I was in and out and up the dirt road to pick up the singletrack. I was really creeping through here and feeling really low both physically and mentally. After a mile or so on the trail I passed Jason Louttit who was walking and said he was worked. Within another mile I was starting to feel better. I kept plugging away on the long climb back up to the ridge, when I rounded a corner and saw Mackey walking. I passed him too, which now put me in 4th place. But it was early. I kept concentrating on efficient forward progress.
Once I gained the ridge double track, I ran out of water and went without for about 15 minutes. I finally made it to the unmanned water only table and chugged a half bottle and got running the gravel road down to Olympian Hall. I got in and out and was soon making my way up the road to Fish Creek Falls at ~46 miles.
My stomach was still little squirrely from time to time, so I made it there right about dark and hit the restrooms. Feeling much better after a bathroom break, I came out to find Cheryl and Fred ready with my bottle refills and some soup. When I was leaving the aid station, I noticed Jesse Haynes had just come in and quickly got moving out ahead of him. I was across the footbridge and heading up the first switchback fumbling with turning on my ipod when I accidentally dropped one of my water bottles smack on top of the lid/nipple and it hit right on a granite slab of rock in the middle of the trail. Crack!! The impact broke the entire nipple and little bit of plastic encasing it into my bottle! No freakin’ way! Really?! That’s a new one.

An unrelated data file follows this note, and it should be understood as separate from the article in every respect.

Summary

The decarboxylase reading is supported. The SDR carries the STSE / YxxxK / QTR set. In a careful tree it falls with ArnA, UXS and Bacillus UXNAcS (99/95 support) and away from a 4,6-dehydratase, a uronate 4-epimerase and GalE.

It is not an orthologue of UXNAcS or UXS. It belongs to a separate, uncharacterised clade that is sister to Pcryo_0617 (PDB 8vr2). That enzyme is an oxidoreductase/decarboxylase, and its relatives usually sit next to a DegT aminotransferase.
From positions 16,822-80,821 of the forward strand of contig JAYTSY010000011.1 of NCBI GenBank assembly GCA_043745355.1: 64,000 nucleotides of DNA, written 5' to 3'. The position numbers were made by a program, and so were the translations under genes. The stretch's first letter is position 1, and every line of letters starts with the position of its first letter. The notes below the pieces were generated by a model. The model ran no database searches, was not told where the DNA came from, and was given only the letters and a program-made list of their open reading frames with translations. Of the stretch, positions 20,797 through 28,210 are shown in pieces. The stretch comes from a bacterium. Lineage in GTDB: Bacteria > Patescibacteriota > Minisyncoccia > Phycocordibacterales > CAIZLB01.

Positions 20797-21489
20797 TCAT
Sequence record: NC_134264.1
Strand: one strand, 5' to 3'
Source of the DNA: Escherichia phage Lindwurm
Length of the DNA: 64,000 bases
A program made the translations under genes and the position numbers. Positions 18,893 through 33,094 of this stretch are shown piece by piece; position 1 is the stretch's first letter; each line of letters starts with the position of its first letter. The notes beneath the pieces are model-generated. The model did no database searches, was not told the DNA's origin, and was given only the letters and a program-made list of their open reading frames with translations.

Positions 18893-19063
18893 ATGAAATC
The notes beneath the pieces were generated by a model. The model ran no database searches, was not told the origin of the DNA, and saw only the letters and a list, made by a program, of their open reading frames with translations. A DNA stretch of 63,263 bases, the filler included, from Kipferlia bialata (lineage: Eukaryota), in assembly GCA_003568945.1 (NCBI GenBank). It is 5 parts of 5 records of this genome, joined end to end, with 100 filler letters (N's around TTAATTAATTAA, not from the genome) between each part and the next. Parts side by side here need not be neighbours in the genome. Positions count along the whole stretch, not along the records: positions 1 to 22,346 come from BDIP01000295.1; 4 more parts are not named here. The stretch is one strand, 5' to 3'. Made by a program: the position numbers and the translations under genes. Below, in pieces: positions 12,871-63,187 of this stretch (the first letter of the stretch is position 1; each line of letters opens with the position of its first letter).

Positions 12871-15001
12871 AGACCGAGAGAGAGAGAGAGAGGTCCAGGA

I fished out the nipple with the broken, jagged plastic housing still surrounding it from my water and ended up drinking it first and rather quickly over the next 30 minutes as I ran with the bottle held out away from me and with limited arm swing holding the bottle upright to keep the water from splashing out all over the place. Not fun. Not efficient. Not ideal. So 100s go — gotta roll with the punches. Once I finished off that bottle I started thinking of what I was going to do. My best solution was to ask the volunteers at the next aid station (Long Lake) if anyone had a bottle lid and started devising a plan to give someone something in return if they were so willing to aid in my delimma.
I arrived into Long Lake very animated as I told the quick tale of what had happened. At first no one had a lid. Finally a guy stepped up from the shadows and said, I might have one in my truck. He went to check. In the meantime, I whoofed down some mash potatoes and got my other bottle filled. He came back with a lid and I practically kissed the dude I was so happy. I told him my name and said find me after the race and I’d give him a Black Diamond headlamp as thanks for his kindness.